A few years ago, everyone wanted to find websites that would be interesting and fit a specific criteria. Sites that came along and fit this mold included Ask.com, AltaVista, Lycos, Yahoo, and Google. But now times are changing–people just aren’t interested in searching under specific keywords and phrases. No, they want more relevancy and filtering. Anyone can put up a website and game the system to have their site listed on a major search engine–so how does one simply point out what is important to their friends or even find useful content shared from a trusted source?
In order to make this happen, a social search engine is needed. Google and Bing have made some inroads into trying to become the de facto search engine that integrates traditional search along with social aspects, but they’re still far from getting it just right. The trick has got to be with finding a process or a way that would tie in with all the major social networks–Facebook, Twitter, Google+, Instagram, Pinterest, etc. Sadly nothing has been realized quite yet–in fact, Bing and Google are starting from a more traditional search strategy and are adding social layers on top of their results, almost like it’s the icing on the cake. It would probably make more sense for me that social search begins with the social part of it, and then further filters it by using traditional search parameters.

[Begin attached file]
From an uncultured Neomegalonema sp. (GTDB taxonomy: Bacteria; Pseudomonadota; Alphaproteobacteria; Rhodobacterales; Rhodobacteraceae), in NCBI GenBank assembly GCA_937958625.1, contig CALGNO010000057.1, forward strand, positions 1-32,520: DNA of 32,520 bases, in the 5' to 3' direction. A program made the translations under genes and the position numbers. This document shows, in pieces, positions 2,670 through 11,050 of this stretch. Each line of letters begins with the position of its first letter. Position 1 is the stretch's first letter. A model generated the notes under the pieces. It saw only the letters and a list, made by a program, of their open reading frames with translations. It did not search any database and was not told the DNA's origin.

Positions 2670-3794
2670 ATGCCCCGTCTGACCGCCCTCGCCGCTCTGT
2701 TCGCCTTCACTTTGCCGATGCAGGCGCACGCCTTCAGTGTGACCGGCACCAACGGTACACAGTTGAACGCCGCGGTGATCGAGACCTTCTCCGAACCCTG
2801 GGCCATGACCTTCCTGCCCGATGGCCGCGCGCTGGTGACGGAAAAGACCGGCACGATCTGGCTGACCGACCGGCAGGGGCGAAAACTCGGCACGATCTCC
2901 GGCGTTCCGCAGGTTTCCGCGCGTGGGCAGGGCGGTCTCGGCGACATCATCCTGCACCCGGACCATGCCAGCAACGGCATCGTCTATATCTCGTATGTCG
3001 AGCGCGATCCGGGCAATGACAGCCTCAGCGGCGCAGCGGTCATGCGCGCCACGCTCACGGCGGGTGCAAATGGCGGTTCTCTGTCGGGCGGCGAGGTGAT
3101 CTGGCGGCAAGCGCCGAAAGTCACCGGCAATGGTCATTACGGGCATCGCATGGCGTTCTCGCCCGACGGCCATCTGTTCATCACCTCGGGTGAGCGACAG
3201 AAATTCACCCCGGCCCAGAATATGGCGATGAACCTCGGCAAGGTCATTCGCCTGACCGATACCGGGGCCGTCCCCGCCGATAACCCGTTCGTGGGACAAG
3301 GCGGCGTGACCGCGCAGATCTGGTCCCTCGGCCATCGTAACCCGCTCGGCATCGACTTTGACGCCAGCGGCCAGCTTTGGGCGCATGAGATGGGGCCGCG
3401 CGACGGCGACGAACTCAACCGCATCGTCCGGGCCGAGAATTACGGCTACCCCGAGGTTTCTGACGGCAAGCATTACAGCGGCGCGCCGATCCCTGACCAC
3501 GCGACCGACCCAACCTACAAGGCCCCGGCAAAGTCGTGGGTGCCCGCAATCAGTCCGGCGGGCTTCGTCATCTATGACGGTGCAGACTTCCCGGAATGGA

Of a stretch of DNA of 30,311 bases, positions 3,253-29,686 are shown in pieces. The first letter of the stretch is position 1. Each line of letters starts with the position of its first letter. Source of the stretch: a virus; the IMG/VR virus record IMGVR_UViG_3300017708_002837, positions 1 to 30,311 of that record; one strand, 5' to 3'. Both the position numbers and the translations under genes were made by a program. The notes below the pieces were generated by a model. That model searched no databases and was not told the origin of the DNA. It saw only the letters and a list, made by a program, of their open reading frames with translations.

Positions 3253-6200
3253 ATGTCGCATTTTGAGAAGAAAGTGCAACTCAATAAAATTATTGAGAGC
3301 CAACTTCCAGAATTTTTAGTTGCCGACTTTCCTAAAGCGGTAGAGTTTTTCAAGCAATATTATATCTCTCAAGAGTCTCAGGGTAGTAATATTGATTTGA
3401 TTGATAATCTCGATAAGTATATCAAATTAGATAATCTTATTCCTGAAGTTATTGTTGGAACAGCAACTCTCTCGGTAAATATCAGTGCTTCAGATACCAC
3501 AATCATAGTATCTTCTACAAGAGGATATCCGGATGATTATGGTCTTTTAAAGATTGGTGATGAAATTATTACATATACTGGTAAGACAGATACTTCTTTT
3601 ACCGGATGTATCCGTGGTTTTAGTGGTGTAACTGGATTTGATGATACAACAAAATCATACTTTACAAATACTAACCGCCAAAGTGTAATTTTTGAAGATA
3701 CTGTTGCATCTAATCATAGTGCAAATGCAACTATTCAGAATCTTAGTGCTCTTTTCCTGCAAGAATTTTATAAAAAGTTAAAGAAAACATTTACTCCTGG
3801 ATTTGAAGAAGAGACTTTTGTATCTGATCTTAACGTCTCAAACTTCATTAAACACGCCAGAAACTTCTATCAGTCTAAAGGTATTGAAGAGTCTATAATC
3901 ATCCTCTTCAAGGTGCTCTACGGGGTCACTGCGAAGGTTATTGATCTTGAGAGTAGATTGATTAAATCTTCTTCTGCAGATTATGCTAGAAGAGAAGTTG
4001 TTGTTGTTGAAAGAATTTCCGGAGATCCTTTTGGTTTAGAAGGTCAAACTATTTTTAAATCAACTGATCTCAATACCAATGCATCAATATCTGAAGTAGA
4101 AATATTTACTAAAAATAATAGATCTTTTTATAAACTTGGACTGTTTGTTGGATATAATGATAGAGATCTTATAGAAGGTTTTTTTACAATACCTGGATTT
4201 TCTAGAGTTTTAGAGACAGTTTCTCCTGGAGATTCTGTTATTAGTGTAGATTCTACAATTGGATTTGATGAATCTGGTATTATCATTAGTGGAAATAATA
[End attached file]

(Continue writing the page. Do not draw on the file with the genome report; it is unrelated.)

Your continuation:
That’s where YourTrove enters the picture–this new startup is launching this week and is the latest attempt to create the first real social search engine. Imagine you’re interested in purchasing a new camera, or you want to find content relating to something like streaming TV devices, the one place you might go would be to your social graph–you have specific questions and you’re going to want to ask your friends for help in making a decision. Why? Because they’ve probably already been there and shared something about it–traditional search engines like Google, Yahoo, and Bing don’t give you that relevancy. It’s emotionless and without regard for the stage of the purchasing behavior you’re in. The opportunities for a real social search engine are ripe for the picking. Even Facebook CEO Mark Zuckerberg said it during last week’s TechCrunch Disrupt conference: